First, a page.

Vert, two swords saltirewise Argent (Silver Gray), blades as lightning flashes points to chief surmounted by a sun Or, radiant of fourteen Gules, fimbriated Yellow, charged with two fusils Sable, surmounted by a fusil per saltire Argent and of the second.
That for the regiments and separate battalions of the Army Reserve: From a wreath Argent and Vert, the Lexington Minute Man Proper. The statue of the Minute Man, Captain John Parker (H.H. Kitson, sculptor), stands on the common in Lexington, Massachusetts.
Bottle green and silver gray are the colors associated with Psychological Operations units. The two swords with lightning flashes as blades indicate the unit's two campaign credits for World War II, Rhineland and Ardennes-Alsace. The rays of the sun are fourteen, alluding to the organization's designation, and indicate the propaganda function of the unit. The fusils are black and white with gray at the overlap and represent the three degrees of propaganda: truth, falsehood, and areas in between. The red tongues of fire from the sun symbolize the need for Psychological Operations activities during conflict and allude to the battalion's Meritorious Unit Commendation awarded for action in the Pacific theater, 1968-1970.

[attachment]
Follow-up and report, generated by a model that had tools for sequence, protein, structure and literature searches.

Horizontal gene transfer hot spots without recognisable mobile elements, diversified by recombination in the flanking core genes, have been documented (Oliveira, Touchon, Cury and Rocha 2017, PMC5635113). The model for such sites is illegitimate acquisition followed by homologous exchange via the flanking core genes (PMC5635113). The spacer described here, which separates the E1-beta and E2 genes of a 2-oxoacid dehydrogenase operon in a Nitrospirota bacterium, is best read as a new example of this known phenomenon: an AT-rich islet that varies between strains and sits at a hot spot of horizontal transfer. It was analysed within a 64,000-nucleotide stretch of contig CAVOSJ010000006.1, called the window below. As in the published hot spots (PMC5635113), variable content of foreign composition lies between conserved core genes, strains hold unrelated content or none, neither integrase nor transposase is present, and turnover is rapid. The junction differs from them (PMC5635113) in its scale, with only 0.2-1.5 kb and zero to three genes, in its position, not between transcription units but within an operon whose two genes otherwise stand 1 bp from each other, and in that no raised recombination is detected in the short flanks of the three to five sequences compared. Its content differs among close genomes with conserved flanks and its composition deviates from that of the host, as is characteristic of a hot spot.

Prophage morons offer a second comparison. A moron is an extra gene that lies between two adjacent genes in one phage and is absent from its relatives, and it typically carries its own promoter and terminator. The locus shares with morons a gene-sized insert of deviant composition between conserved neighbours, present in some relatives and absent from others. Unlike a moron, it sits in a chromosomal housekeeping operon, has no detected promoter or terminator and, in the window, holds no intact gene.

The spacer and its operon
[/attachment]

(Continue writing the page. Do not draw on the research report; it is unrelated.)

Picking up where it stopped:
The crest is that of the U. S. Army Reserve.
The coat of arms was originally authorized 26 Dec 1996. It was amended on 30 Jan 1997 to change the motto.